American midterms not influenced by cyberattacks

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The midterms in the United States were not subject to an intervention due to a lack of Russian resources. But will the upcoming European elections also go under Moscow’s radar? EURACTIV France reports.

Unlike the 2016 presidential election, the American midterms – which led to a Democrat majority in the House of Representatives – did not attract any cyberattacks or direct Russian attempts to influence.

However, the risk of cyberattacks was on everyone’s minds, following the court cases brought by prosecutor Robert Mueller against the friends and family of Trump, Paul Manafort and Michael Cohen as part of an extensive investigation into possible Russian collusion during the presidential election.

The American army had even prepared for such an attack and retaliatory measures had even been planned in the event of a strike, according to the Center for Public Integrity.

“I have often been asked, so, did they intervene? Well, no, nothing happened,” explained Alina Polyakova, a researcher at the Brookings Institution. She was a guest of the European Council on Foreign Relations (ECFR) think-tank to discuss this matter in Paris on Wednesday (7 November).

EU expects ‘business as usual’ following US mid-term election

It would be wrong to expect policy change from US President Donald Trump after mid-term elections, German Foreign Minister Heiko Maas said on Wednesday (7 November).

The researcher said there were several reasons for the lack of Russian interest in intervening. For Moscow, the mid-term elections were less crucial than the presidential ballot.

“And Russia is a poor state. It would be a lot of resources to mobilise for a modest result,” the researcher said. Moreover, the United States does not have a clear strategy towards Russia, which would lessen the impact of possible sanctions currently being discussed at the American Congress.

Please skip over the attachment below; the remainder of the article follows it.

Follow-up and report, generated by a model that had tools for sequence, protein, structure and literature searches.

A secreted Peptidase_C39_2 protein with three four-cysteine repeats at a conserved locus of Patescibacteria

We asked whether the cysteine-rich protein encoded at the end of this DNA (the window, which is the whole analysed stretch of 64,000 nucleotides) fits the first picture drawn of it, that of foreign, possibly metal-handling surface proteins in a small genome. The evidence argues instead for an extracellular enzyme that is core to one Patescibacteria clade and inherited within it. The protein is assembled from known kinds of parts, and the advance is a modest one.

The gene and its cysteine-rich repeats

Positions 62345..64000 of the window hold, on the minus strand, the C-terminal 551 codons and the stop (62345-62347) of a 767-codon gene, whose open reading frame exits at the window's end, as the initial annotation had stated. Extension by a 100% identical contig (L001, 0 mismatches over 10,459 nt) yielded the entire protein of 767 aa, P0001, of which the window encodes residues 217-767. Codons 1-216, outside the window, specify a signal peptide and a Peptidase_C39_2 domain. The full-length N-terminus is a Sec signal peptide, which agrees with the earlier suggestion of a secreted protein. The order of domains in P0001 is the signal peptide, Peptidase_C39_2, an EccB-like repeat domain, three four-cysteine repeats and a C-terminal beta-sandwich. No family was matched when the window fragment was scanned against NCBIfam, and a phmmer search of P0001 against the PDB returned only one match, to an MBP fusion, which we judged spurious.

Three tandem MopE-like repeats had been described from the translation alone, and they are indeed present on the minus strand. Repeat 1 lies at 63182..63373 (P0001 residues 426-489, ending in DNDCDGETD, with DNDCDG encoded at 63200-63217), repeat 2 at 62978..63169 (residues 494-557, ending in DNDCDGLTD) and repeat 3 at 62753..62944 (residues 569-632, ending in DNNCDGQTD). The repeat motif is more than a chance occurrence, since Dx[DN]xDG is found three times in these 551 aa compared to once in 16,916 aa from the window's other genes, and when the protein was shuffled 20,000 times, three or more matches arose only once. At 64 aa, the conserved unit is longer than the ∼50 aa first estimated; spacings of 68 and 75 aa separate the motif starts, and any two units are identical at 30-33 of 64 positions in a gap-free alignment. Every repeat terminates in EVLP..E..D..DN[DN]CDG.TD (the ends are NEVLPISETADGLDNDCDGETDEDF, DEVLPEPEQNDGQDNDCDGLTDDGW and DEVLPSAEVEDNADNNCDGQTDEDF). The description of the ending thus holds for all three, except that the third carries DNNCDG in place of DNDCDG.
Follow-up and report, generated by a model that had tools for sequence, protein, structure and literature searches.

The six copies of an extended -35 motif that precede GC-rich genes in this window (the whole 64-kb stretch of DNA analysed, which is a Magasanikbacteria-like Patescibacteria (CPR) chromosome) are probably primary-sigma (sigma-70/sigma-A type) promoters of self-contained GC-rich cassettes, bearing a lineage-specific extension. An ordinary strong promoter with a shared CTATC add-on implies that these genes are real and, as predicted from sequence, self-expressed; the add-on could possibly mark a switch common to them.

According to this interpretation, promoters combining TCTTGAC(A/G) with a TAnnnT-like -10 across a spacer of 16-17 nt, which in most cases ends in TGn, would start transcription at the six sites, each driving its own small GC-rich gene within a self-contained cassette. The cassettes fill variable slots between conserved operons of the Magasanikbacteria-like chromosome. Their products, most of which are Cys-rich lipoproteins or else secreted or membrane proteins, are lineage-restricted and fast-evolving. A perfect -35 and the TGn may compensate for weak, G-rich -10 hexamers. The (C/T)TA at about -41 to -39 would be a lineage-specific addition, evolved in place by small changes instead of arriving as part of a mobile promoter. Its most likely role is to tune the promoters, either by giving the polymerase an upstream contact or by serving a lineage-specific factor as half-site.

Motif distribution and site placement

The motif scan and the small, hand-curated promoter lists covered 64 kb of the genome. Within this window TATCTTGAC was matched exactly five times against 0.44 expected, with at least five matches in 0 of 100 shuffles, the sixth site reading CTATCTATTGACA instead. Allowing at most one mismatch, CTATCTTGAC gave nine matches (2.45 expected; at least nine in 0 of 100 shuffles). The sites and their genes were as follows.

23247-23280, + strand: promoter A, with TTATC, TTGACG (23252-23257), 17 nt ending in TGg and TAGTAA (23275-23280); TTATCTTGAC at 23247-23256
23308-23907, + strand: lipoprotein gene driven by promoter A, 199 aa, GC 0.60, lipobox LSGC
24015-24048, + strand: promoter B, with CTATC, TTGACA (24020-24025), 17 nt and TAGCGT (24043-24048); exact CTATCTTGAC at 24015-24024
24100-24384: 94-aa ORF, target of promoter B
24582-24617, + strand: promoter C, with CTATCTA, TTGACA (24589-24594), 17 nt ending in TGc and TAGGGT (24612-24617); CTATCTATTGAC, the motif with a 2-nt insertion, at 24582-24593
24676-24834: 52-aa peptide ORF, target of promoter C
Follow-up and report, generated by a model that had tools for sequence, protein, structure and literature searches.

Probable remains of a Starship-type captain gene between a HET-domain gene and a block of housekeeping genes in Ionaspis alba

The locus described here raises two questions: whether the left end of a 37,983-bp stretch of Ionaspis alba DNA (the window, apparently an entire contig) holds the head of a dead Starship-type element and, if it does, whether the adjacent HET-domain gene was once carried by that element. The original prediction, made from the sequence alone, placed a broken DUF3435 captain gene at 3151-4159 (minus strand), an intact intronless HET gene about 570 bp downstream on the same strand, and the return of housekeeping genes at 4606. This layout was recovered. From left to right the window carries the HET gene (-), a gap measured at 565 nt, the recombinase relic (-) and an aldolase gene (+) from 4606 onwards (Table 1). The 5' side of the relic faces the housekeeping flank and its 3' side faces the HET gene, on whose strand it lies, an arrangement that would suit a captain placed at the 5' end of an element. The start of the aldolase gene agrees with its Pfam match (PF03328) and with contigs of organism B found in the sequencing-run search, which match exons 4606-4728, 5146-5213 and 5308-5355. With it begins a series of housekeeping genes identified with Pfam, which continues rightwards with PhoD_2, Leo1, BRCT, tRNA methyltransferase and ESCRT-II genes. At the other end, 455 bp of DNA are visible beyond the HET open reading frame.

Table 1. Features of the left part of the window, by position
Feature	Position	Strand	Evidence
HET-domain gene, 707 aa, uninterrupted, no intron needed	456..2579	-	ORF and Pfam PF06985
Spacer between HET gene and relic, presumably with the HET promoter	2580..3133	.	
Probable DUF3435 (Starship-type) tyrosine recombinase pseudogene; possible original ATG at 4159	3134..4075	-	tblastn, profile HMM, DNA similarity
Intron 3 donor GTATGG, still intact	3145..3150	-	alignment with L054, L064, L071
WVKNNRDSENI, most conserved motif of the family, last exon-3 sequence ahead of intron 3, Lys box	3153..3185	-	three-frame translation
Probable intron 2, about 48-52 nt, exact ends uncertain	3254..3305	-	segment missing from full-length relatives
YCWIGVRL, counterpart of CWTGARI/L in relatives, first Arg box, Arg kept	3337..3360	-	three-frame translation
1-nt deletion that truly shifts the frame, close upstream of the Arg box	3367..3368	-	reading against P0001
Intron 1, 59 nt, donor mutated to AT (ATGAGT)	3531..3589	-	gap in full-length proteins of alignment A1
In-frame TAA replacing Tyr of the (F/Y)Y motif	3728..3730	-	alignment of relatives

The lack of Russian intervention in these elections also highlights its lack of a long-term strategy. The country would reportedly like to intervene but lacks the operational forces to develop a real cyberstrategy.

This situation forces Russia to undertake interventions on an ad hoc basis, sometimes resorting to using hackers from criminal circles.

European elections to be targeted by propaganda, but not cyberattacks

So, could Russia abandon its attempts to influence the European elections? “In any case, Russia doesn’t really need to, the pro-Russian forces should be bigger in the future European assembly,” the researcher said.

According to the latest projections, the far right, which is often pro-Russia, is expected to advance by around 3% in the future European Parliament. Moreover, the far left, which is sometimes equally supportive of Russia, is expected to win percentage points at the expense of more traditional parties from the centre-right and the centre-left.

On the other hand, the areas directly influenced by Russia are more likely to be victims of cyberattacks, which could be used to disrupt national elections on a case-by-case basis.

In particular, Ukraine seems to be a target of choice. The country’s electricity grid has already been subject to a considerable cyberattack, which plunged the country into darkness.

Moreover, its electoral system has been the subject of attacks. The elections scheduled to take place in March 2019 to choose a new president and parliament are therefore a prime target.

Nevertheless, a lack of direct cyberattacks to disrupt the European election campaigns will not stop classic propaganda tools, such as RT or Sputnik, from operating. Misinformation therefore remains a simpler instrument than making direct interventions.

While cyberattacks are a Russian speciality, cyber espionage seems to be a far more widespread activity, as underlined by Stanislav Secrieru from the European Union Institute for Security Studies.

“China hacked Obama’s and McCain’s campaigns in 2008, and apparently China preferred to digest silently the information without influencing the outcome of the elections” he explained.

Experts agree on the fact that France also probably engages in cyberspying, the difference with Russia being the frequency and the publication of the outcomes.

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